Date of Conferral
Dr. Pamela Denning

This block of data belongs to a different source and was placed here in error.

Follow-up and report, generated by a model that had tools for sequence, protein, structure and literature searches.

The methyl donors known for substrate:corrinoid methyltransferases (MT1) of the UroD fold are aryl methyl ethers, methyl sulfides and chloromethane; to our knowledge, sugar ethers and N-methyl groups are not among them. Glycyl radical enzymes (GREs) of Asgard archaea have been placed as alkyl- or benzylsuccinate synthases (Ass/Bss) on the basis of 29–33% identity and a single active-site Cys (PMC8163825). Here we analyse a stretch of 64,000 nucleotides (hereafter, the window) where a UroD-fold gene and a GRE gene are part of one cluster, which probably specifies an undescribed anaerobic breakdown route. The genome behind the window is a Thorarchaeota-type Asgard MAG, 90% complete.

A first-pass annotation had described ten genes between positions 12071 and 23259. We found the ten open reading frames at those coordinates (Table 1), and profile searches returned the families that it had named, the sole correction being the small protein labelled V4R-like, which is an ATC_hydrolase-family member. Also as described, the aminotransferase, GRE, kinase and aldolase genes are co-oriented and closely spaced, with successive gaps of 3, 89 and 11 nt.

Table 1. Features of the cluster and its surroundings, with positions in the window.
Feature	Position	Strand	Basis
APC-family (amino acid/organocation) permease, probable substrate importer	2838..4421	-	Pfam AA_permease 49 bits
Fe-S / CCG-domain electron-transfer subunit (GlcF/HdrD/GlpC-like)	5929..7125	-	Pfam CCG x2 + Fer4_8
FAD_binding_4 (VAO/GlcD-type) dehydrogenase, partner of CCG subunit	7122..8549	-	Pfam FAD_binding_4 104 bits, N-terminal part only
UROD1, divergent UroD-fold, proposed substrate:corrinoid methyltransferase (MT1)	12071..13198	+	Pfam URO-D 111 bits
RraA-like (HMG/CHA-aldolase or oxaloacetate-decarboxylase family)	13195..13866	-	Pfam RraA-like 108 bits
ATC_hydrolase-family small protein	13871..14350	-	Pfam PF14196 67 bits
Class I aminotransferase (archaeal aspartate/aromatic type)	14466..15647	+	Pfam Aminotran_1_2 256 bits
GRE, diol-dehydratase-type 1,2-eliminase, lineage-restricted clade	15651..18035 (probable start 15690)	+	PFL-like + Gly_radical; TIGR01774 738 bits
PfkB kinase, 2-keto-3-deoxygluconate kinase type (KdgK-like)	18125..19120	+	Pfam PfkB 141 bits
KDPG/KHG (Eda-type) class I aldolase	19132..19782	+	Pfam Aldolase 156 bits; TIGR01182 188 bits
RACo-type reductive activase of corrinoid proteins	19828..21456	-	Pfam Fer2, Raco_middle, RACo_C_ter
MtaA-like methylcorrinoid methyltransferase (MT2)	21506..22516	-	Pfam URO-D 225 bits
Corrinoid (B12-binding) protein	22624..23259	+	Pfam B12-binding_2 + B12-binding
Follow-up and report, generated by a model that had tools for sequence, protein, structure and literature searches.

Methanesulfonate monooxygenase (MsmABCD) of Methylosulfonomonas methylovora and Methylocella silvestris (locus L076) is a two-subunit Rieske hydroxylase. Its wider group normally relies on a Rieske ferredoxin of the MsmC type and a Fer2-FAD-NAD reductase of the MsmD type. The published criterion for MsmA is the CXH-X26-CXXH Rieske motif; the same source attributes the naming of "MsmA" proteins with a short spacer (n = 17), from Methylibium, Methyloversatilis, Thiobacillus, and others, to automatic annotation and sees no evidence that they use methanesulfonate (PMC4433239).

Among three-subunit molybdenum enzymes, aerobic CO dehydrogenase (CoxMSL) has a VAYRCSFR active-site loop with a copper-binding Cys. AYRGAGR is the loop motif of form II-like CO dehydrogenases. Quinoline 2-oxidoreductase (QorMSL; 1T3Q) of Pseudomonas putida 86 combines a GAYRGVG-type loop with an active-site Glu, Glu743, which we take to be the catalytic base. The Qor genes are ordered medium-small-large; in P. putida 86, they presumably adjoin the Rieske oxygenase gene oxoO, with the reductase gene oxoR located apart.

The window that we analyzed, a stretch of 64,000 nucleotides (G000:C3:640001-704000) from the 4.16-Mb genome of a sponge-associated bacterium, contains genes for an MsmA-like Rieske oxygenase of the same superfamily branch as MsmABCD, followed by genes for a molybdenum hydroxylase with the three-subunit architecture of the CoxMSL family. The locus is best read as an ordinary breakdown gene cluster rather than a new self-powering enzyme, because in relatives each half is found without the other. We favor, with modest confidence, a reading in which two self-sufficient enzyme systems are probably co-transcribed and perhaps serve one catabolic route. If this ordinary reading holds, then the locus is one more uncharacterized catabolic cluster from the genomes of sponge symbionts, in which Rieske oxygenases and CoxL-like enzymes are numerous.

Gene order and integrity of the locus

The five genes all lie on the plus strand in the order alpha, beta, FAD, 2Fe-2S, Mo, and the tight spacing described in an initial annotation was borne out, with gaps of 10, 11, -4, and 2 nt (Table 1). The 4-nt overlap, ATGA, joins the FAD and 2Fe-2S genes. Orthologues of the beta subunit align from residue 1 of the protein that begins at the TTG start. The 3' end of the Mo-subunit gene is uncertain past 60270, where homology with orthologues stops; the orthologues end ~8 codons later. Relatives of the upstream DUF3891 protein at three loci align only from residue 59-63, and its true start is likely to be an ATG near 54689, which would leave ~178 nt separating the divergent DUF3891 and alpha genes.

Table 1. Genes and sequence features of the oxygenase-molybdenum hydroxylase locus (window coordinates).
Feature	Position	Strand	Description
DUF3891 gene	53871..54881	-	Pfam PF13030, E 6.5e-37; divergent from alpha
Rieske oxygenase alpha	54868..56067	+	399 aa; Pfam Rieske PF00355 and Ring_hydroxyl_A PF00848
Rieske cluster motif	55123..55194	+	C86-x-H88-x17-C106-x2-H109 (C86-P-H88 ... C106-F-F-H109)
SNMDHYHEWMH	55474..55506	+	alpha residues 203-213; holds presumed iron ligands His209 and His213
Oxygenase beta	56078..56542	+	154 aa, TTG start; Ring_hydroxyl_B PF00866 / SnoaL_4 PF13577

High turnover of child welfare workers is a problem to the children and families that receive services and the child welfare organizations that lose their staff. For children and their families, turnover of their assigned worker may interrupt their ability to achieve their permanency goals. Child welfare organizations encounter high costs for hiring staff due to the turnover and the staff that remain suffer with higher caseloads and not being able to provide the quality of services that they should be able to offer. The purpose of this phenomenological study was to understand the lived experiences of child welfare workers who remained with the same employer for 3 years or more. The conceptual framework consisted of 2 theories: organizational climate and organizational culture theory. Two focus groups, consisting of 3 participants from an urban community and 5 participants from a rural community, were used. A snowball sampling method was used to obtain the sample. A content analysis was conducted to discover major and minor themes. This study revealed that 5 factors contribute toward retention: a) caseload size; b) educational background and training; c) recruitment, screening, and selection; d) supervisory support; and e) peer support were supported by all 8 participants. In addition, a new factor of self-care emerged as a result of this study. While all the child welfare workers experienced all the factors that could have resulted in their turnover, due to implementation of self-care techniques they ended up remaining from 3 years to 13 years. Exploring self-care as an answer toward retention is worth exploring and can contribute toward social change in the field of child welfare.